Employers and employees have relied for years on methylene chloride (also called dichloromethane), one of the more effective substances for industrial cleaning, degreasing, and paint stripping, among many other uses. But, as a commercial product, methylene chloride has few peers when it comes to its hazardous effects on users.
No use of methylene chloride, even outdoor uses, should occur without engineering controls to divert fumes and personnel protective equipment (PPE) to ensure protection against inhalation. Indoor use of methylene chloride is extremely hazardous and should be avoided if possible. One indoor application of methylene chloride that has been raising alarms in recent years is its use to strip bathtubs. In 2012, the National Institute for Occupational Safety and Health (NIOSH) reported that 13 methylene chloride-related deaths associated with professional bathtub refinishing operations occurred during 2000–2011 (https://www.cdc.gov/mmwr/preview/mmwrhtml/mm6107a2.htm). This compares to the two deaths linked to methylene chloride stripping of bathtubs during 1976–1999.
“Ten different products were associated with the 13 deaths,” noted NIOSH. “Six of the products were marketed for use in the aircraft industry, the rest for use on wood, metal, glass, and masonry. None of the product labels mentioned bathtub refinishing.” (emphasis added)
The United States has several regulatory and nonregulatory exposure limits for methylene chloride. In 1997, OSHA amended its standard for occupational exposure for methylene chloride (29 CFR 1910.1052); OSHA set the permissible exposure limit (PEL) at 25 parts per million (ppm) 8-hour time-weighted average (TWA) and the short-term exposure limit (STEL) at 125 ppm 15-minute TWA. In 2001, the American Conference of Government Industrial Hygienists (ACGIH) set a threshold limit value (TLV) of 50 ppm 8-hour TWA. NIOSH itself indicates that methylene chloride has an immediately dangerous to life and health value of 2,300 ppm based on effects that might occur from a 30-minute exposure; NIOSH also identifies methylene chloride as a potential occupational carcinogen.
Bathtubs Trap Methylene Chloride
In a fact sheet, the Washington State Department of Labor and Industries explains why methylene chloride should never be used to strip a bathtub:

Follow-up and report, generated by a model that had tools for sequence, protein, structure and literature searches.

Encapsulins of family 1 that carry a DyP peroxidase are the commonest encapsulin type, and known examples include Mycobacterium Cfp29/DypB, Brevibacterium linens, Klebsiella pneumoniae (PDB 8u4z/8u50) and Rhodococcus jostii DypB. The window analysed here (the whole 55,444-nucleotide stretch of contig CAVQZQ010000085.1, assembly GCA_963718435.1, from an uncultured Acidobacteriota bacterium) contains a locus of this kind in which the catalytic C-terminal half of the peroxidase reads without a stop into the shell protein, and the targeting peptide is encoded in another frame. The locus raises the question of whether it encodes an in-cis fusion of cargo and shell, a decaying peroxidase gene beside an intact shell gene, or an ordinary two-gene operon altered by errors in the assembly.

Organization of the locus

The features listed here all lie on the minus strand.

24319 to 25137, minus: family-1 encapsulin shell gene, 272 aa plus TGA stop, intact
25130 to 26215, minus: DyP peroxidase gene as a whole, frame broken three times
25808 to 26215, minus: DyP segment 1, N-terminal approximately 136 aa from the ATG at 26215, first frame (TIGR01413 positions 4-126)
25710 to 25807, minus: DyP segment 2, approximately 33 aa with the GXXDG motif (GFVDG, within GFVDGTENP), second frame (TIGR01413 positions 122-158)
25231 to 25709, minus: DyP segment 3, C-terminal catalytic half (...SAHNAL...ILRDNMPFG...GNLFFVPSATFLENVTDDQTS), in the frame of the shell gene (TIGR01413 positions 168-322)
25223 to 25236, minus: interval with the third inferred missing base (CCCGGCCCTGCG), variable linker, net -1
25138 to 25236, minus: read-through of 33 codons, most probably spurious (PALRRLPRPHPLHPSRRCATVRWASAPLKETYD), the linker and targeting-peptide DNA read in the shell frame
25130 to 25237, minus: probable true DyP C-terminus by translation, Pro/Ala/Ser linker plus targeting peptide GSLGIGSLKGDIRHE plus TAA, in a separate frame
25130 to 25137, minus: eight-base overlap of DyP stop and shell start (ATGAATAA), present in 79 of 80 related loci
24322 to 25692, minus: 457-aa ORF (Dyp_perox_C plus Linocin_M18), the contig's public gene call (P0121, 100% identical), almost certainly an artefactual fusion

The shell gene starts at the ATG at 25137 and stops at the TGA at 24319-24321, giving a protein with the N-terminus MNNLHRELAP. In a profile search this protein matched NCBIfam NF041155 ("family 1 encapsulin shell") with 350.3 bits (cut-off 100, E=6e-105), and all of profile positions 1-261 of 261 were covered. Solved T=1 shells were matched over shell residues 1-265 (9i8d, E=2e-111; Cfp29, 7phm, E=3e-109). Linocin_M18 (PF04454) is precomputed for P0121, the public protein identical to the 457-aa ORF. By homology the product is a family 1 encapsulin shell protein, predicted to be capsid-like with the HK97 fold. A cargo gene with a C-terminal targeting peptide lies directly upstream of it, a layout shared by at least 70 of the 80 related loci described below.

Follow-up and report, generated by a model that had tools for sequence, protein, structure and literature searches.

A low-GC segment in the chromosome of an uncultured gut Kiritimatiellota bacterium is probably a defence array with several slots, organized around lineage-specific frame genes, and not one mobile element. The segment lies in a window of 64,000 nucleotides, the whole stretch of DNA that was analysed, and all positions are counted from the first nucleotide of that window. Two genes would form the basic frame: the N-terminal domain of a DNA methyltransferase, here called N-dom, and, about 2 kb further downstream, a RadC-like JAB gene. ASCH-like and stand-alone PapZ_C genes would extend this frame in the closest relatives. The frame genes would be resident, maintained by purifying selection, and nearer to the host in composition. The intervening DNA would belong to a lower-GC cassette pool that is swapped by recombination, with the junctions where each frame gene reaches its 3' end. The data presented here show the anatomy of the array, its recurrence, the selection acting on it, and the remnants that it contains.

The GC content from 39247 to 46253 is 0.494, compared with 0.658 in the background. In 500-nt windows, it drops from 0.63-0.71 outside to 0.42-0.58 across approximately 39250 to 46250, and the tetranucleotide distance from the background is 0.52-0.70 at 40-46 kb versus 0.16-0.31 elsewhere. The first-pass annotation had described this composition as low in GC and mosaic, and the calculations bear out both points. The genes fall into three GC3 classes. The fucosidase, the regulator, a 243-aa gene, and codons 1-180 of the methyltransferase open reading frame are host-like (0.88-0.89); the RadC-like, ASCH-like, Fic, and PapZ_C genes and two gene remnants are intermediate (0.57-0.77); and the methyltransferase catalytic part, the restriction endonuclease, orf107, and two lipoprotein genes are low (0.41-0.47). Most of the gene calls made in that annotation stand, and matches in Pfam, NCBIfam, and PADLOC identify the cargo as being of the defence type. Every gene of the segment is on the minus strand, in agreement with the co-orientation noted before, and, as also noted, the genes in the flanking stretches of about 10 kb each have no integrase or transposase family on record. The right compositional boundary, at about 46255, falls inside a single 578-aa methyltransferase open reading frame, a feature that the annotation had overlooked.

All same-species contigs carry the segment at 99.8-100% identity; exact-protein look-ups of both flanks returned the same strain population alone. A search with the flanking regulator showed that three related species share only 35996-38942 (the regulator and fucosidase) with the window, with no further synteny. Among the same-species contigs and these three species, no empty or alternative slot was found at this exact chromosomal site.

“MC vapor is absorbed quickly by the lungs at low concentrations that you cannot smell. MC vapor is heavier than air. Vapor can sink and remain low in the bathtub and breathing area during stripping. Bathrooms are difficult to ventilate effectively. Standard ceiling bathroom fans cannot remove MC vapor from low inside the bathtub where you are breathing. Ventilation is needed to both suck contaminated air out of the bathtub and push fresh air into the space. Small bathrooms with limited windows are difficult to ventilate without air turbulence. Filter and respirator cartridges don’t protect you from MC vapor. Instead, you need a full-face supplied air respirator.”
The department’s recommendation is unequivocal—“DO NOT use methylene chloride-based strippers on bathtubs.”
As noted, methylene chloride is highly effective at stripping paint, and employers continue to have their employees apply it to bathtubs despite warnings. Where this is the case, Washington State says the following measures should always be taken:
- Use ventilation that both pulls methylene vapors out of the bathtub as it is applied and pushes fresh air toward the bathtub.
- Use a full-face supplied air respirator. Half-face respirators do not protect the eyes and cannot be used with methylene chloride. Cartridge respirators do not protect because MC goes through the filter.
- Use polyvinyl alcohol (PVA) or Silver Shield 4H® gloves. Latex, nitrile, neoprene, polyethylene, and butyl rubber gloves do not provide protection. Protective coveralls include Tychem® models BR/LV, TK, Responder, and Trellchemn® HPS.
For more detailed information, see OSHA and NIOSH’s Hazard Alert: Methylene Chloride Hazards for Bathtub Refinishers.